“I know Opportunity Culture is one of the best strategies we can offer.” –Maricopa County Superintendent of Schools Don Covey Using a $60 million federal grant, Arizona’s Maricopa County Education Service Agency (MCESA) will help at least five small and medium-size Phoenix-area districts and one charter network design and implement Opportunity Culture school models that […]
State and district leaders, here’s your chance: Under ESSA (the 2016 Every Student Succeeds Act), you can use your new funding flexibility to take a new approach that focuses on excellence for teachers and students. In a new brief and one-page executive summary, we explain four opportunities to achieve a culture of excellence under ESSA, […]
The Harlandale Independent School District, in south-central San Antonio, Texas, has joined the national Opportunity Culture initiative to extend the reach of excellent teachers and their teams to more students, for more pay, within recurring budgets. The Texas Education Agency (TEA) made Texas the first state to support multiple districts in creating an Opportunity Culture; […]
How can new teachers and principals start their jobs prepared for educational excellence, and how can the schools that hire them know they’re ready to excel? In today’s preparation systems, no one is fully getting what they need—not aspiring teachers and principals, not schools, not students. There is a better way. In Opportunity Culture schools, […]
What does teacher-leadership look like when teachers lead a team while continuing to teach? For four pioneering multi-classroom leaders in high-need elementary, middle, and high schools, it starts with taking accountability for up to 500 students and leading a collaborative teaching team toward higher growth and personalized learning for all those students. These teacher-leaders took […]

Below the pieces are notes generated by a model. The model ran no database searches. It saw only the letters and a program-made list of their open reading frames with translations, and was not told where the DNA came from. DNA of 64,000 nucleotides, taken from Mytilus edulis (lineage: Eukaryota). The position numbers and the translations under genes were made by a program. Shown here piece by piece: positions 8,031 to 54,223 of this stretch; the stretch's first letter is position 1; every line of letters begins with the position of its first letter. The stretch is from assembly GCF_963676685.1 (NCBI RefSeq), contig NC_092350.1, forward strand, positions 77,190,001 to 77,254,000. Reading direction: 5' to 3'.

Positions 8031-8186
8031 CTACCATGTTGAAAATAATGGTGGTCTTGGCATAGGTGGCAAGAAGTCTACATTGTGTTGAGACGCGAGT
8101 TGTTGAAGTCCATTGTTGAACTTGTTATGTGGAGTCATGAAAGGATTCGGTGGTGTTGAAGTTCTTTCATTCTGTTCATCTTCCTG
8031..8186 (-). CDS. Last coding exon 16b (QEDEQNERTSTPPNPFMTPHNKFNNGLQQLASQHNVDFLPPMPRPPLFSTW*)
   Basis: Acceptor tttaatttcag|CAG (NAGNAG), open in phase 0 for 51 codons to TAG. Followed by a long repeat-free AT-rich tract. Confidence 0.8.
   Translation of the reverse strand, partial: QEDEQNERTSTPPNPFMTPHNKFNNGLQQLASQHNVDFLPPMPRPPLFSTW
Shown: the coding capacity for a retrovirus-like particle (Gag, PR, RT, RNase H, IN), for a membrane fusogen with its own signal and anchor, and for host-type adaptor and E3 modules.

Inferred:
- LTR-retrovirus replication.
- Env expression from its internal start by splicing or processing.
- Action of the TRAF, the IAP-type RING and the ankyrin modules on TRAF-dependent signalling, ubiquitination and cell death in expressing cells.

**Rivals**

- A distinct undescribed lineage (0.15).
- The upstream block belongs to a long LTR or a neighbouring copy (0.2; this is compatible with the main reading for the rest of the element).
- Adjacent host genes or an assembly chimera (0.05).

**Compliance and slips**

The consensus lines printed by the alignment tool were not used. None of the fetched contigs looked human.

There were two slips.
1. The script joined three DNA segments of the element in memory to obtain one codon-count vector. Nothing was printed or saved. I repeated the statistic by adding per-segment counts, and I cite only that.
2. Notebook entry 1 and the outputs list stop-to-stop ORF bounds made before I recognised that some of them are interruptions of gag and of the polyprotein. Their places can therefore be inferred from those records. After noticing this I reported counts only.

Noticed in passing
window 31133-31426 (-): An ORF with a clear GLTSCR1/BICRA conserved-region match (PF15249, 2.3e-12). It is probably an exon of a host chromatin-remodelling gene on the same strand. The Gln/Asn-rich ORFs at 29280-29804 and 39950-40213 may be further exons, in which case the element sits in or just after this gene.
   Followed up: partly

“How many teachers are out there struggling daily because of lack of support? How many burn out because they’ve tried all they know? How many leave our profession early because they can’t do it on their own any longer? How many kids suffer because they have access to only one teacher? How many students are […]
A great article in Saturday’s Charlotte Observer highlighted what some Opportunity Culture multi-classroom leaders (MCLs) make. As noted, 26 MCLs in Charlotte-Mecklenburg Schools receive supplements of $16,000 to $23,000–within school budgets, not from temporary grants, done by reallocating budgets. But did you know that many others working in Opportunity Culture roles in CMS make more, […]
Georgia’s Fulton County Schools district has joined the national Opportunity Culture initiative to extend the reach of excellent teachers and their teams to more students, for more pay, within recurring budgets. In 2015–16, Benjamin E. Banneker High School and Woodland Middle School, on the south side of Atlanta, are the district’s first to design Opportunity Culture plans for 2016–17 implementation. Both schools are part of Fulton County’s achievement zone, created in 2015 to focus on the traditionally struggling high school and its feeder schools. The zone aims to rapidly improve academic outcomes for its students.
Fulton County Schools, which sandwiches the separate school district for the city of Atlanta, includes the cities of Alpharetta, Roswell, and Sandy Springs on Atlanta’s north side, and Chattahoochee Hills, College Park, and Union City to the south. The district serves more than 95,000 students.